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The effects of smoking and smoking cessation on mortality from cardiovascular disease among Japanese: Pooled analysis of three large-scale cohort studies in Japan.
  1. Kaori Honjo1,
  2. Hiroyasu Iso2,*,
  3. Shoichiro Tsugane3,
  4. Akiko Tamakoshi4,
  5. Hiroshi Satoh5,
  6. Kazuo Tajima6,
  7. Takaichiro Suzuki7,
  8. Tomotaka Sobue3
  1. 1 Osaka University Graduate School of Medicine, Japan;
  2. 2 Osaka University, Graduate School of Medicine, Japan;
  3. 3 National Cancer Center, Japan;
  4. 4 Aichi Medical University, Japan;
  5. 5 Tohoku University, Japan;
  6. 6 Aichi Cancer Center Research Institute, Japan;
  7. 7 Osaka Medical Center for Cancer and Cardiovascular Diseases, Japan
  1. Correspondence to: Hiroyasu Iso, Public Health, Osaka University, Graduate School of Medicine, 2-2 Yamadaoka, Suita, 565-0871, Japan; fvgh5640{at}


Objectives: To estimate the gender-specific risk of mortality from cardiovascular disease according to smoking status and time since smoking cessation among former smokers in Japan.

Design: Prospective study.

Setting:140,026 males and 156,810 females aged 40 to 79 years who participated in one of three cohort studies conducted in Japan between 1980 and 1990.

Outcome: The gender-specific hazard ratios for cardiovascular disease mortality were calculated after adjustment for age and cohort.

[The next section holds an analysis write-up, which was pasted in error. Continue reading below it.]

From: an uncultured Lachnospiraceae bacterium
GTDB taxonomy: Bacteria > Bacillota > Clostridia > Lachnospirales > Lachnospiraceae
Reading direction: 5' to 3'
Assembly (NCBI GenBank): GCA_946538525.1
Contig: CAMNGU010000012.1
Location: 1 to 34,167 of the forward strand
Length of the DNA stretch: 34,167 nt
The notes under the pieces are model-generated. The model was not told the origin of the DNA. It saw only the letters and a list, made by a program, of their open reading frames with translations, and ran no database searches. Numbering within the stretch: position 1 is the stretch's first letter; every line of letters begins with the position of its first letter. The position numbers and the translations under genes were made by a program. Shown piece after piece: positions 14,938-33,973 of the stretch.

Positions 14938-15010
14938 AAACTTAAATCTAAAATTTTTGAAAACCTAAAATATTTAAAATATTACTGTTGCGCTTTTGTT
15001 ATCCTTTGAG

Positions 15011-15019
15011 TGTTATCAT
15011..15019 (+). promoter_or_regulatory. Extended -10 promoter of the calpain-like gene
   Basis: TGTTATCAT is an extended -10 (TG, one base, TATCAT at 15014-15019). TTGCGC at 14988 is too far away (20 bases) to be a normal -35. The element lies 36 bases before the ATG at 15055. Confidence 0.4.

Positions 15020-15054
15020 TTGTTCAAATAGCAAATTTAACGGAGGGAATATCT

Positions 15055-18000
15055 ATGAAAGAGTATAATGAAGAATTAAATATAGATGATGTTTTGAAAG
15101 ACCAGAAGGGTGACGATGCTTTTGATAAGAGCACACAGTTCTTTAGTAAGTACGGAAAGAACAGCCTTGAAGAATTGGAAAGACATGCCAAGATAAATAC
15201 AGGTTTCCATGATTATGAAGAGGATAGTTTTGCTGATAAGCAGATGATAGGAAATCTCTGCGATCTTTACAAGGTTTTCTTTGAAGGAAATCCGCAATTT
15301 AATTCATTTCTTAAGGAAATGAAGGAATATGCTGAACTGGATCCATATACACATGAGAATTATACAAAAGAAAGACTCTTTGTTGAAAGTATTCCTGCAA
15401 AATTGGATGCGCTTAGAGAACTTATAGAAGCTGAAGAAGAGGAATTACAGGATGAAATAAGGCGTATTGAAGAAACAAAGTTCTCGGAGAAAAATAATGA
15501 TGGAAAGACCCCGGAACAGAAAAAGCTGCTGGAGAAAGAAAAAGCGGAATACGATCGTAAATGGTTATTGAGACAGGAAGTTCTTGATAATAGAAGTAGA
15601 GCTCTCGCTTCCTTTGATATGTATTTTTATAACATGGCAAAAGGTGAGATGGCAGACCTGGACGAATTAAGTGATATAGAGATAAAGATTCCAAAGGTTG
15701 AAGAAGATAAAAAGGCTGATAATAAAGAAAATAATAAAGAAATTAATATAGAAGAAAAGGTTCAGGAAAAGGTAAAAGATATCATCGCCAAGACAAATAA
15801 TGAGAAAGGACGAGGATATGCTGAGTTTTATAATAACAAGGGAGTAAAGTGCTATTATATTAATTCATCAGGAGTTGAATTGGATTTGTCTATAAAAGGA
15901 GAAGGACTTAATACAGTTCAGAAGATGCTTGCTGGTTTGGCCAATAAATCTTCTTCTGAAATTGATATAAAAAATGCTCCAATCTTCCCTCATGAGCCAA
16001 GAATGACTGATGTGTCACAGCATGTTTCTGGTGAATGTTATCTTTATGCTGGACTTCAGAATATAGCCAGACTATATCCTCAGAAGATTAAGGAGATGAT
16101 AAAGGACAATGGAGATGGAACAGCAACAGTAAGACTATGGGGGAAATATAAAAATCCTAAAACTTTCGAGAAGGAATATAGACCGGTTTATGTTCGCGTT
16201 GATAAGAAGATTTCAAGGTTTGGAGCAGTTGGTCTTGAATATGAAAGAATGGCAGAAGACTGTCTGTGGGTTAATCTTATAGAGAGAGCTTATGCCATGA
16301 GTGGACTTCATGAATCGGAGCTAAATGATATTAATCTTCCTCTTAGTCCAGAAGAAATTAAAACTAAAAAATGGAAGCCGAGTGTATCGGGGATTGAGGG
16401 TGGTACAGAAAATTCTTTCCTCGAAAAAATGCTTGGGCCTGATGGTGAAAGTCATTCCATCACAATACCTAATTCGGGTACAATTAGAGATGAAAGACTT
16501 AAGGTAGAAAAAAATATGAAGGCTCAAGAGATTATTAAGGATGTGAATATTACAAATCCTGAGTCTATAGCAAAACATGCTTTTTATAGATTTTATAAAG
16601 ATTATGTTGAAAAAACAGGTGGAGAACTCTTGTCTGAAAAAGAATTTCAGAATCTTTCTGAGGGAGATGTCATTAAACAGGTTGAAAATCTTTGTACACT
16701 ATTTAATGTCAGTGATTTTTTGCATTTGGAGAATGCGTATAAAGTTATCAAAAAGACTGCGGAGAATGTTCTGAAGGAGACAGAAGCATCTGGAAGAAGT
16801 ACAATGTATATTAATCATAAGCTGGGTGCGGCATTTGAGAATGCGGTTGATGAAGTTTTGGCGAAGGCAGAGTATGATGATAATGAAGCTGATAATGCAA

Results: The age-and cohort-adjusted hazard ratios for current smokers compared with lifelong nonsmokers were 1.51 (95%CI:1.38-1.64) for total cardiovascular diseases, 2.19 (95%CI:1.79-2.67) for coronary heart disease, and 1.24 (95%CI:1.01-1.41) for total stroke in males and were 1.85 (95%CI:1.65-2.06), 2.84 (95%CI:2.24-3.60), and 1.70 (95%CI:1.44-2.01), respectively, in females. The age-and cohort-adjusted hazard ratios for former smokers compared with current smokers according to the time period since smoking cessation decreased by approximately 5 years after smoking cessation and reached the same level as lifelong nonsmokers approximately 10 years after smoking cessation among both males and females.

Conclusions: The present study confirmed the relationships between smoking and mortality from cardiovascular disease in both males and females. Smoking cessation is a crucial preventive measure against death from cardiovascular disease.

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